Recently, Revenge Porn Helpline spearheaded the initiative, supported by Meta (Facebook and Instagram’s parent company), to help people proactively thwart the sharing of their intimate images on tech platforms.

If somebody is concerned that their intimate pictures might have been posted online, they can create a case on the platform. Its ‘hash-generating technology’ will assign a unique numerical code to an image, and create a secure digital fingerprint, which will be shared with the tech companies participating in the scheme so that they can detect if someone has shared or is trying to share those images on their platforms.

This feature will also prevent the further sharing of photos. However, for the moment, this technology is limited only to Facebook and Instagram, and doesn’t concern content posted on porn sites.

When Anna tried to remove her photos from pornographic sites, she faced several hurdles. “On some websites, there is a contact form, but for some, I needed to search for contacts. Some platforms require you to leave your name and email address and provide links to the content you want to remove, which made me feel uncomfortable. Sometimes you don’t even receive a notification that they received your message, nor that the content was taken down. I was just refreshing the sites regularly,” she recalls.

Anna started the website Anna Nackt to help other victims in the process. “In the beginning, I was literally typing into Google, ‘My naked pictures are online, what can I do?’ On my website, I wanted to put up some basic information like what to do if porn platforms don’t reply, or how you can set up an anonymous email address to report the content, or how you speak to the police,” she says.

Julia Słupska, a doctoral student at the Centre for Doctoral Training in Cybersecurity at the University of Oxford and the Oxford Internet Institute emphasises how unfair it is that the burden of removing the content is left to the victims. “The victims-survivors [are forced] to take on a customer service role. They either need to figure it out themselves or find people who will help them navigate through the whole process, and this should not be their job – especially at a time when they’re extremely fragile. The companies should be doing this, and they need to invest more resources,” she says.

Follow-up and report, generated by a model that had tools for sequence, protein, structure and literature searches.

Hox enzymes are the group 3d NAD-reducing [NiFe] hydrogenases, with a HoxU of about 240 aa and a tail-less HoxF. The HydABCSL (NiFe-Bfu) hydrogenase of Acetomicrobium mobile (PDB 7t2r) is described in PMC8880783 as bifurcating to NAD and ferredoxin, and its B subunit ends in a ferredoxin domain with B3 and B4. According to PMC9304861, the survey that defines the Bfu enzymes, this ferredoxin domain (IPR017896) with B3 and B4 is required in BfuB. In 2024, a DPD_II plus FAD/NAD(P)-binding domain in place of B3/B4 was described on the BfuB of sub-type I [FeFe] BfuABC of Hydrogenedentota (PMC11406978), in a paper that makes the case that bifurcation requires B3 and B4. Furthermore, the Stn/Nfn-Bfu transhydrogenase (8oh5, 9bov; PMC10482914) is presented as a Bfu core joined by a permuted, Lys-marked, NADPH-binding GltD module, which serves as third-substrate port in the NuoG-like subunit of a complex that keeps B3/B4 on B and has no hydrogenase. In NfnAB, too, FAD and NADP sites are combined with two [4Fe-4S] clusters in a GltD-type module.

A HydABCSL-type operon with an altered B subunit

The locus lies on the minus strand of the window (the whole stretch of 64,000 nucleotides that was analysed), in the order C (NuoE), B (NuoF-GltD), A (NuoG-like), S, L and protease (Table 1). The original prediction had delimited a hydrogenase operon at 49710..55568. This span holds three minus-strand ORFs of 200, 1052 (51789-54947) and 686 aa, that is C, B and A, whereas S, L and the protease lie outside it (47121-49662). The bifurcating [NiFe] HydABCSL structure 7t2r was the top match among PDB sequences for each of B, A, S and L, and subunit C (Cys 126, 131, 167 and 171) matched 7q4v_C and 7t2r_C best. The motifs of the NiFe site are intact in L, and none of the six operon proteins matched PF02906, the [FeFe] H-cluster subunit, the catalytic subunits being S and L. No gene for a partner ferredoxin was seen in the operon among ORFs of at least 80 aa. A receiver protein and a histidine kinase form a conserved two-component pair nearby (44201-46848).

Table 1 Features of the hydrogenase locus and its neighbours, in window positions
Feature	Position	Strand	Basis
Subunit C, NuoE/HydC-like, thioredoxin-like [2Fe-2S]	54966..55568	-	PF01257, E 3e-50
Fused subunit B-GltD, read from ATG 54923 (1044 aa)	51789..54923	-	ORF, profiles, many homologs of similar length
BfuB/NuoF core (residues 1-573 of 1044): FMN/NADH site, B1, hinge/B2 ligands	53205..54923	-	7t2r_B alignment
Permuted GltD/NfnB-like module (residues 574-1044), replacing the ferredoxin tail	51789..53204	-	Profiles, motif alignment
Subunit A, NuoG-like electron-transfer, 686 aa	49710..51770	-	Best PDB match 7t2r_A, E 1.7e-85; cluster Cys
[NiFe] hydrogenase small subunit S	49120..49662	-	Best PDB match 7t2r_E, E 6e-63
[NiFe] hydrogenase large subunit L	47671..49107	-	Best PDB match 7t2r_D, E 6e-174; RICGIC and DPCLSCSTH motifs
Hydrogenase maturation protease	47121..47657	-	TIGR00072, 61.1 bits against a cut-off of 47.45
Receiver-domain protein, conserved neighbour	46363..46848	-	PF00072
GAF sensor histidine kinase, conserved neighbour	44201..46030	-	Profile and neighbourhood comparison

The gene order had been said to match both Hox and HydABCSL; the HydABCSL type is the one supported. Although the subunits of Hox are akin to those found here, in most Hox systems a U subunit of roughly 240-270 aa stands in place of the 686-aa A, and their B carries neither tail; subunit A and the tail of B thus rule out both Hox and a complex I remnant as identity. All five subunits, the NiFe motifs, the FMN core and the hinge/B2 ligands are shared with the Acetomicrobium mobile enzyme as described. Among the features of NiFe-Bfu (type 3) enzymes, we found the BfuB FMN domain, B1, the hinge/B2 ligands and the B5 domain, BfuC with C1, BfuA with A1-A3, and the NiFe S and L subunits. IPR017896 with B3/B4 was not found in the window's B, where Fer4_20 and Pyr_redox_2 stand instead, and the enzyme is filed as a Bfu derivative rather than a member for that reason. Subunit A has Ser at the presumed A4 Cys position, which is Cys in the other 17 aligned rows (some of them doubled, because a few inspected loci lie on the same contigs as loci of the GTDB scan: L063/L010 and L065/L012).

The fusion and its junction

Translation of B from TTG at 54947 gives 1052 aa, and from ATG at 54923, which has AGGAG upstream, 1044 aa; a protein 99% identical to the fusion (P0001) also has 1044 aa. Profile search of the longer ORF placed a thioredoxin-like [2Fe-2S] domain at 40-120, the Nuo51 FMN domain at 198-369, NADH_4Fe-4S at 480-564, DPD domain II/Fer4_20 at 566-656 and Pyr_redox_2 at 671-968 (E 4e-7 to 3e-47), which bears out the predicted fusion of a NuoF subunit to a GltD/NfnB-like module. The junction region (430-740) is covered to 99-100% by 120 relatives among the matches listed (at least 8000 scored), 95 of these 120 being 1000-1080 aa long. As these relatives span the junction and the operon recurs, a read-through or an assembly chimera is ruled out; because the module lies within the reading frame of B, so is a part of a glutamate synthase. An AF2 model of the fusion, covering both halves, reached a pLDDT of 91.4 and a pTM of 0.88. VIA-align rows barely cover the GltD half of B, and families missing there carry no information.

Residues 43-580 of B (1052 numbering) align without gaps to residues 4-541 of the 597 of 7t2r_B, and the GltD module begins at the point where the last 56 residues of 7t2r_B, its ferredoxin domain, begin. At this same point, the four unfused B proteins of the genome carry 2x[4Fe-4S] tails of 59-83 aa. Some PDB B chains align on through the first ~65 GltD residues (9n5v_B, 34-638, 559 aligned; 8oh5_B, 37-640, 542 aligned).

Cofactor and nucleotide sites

Legislative solutions

In December 2020, the European Commission proposed changes to the Digital Services Act (DSA), which has remained largely unchanged since the adoption of the e-Commerce Directive in 2000. The proposals to update the current EU legal framework governing digital services aim to better regulate big tech platforms and hold them accountable. A further updated text, which introduced several changes to the Commission proposal, was voted in by the European Parliament this January.

“The Digital Services Act is very important because it defines the rights of users towards all sorts of online platforms, porn platforms included,” says Josephine Ballon, lawyer and head of legal at Hate Aid, a German organisation that offers protection from digital violence and supports the sanctioning of perpetrators. “Across the EU, we have a big problem identifying perpetrators, because we are dealing with a very special situation here. We have platforms located abroad, national law enforcement, and criminal laws that are not harmonised within the EU. And on the internet, everything is cross-border. The police and law enforcement are not sensitive enough to these topics. It is as if they separate the real world and the internet, which is not possible anymore,” she says.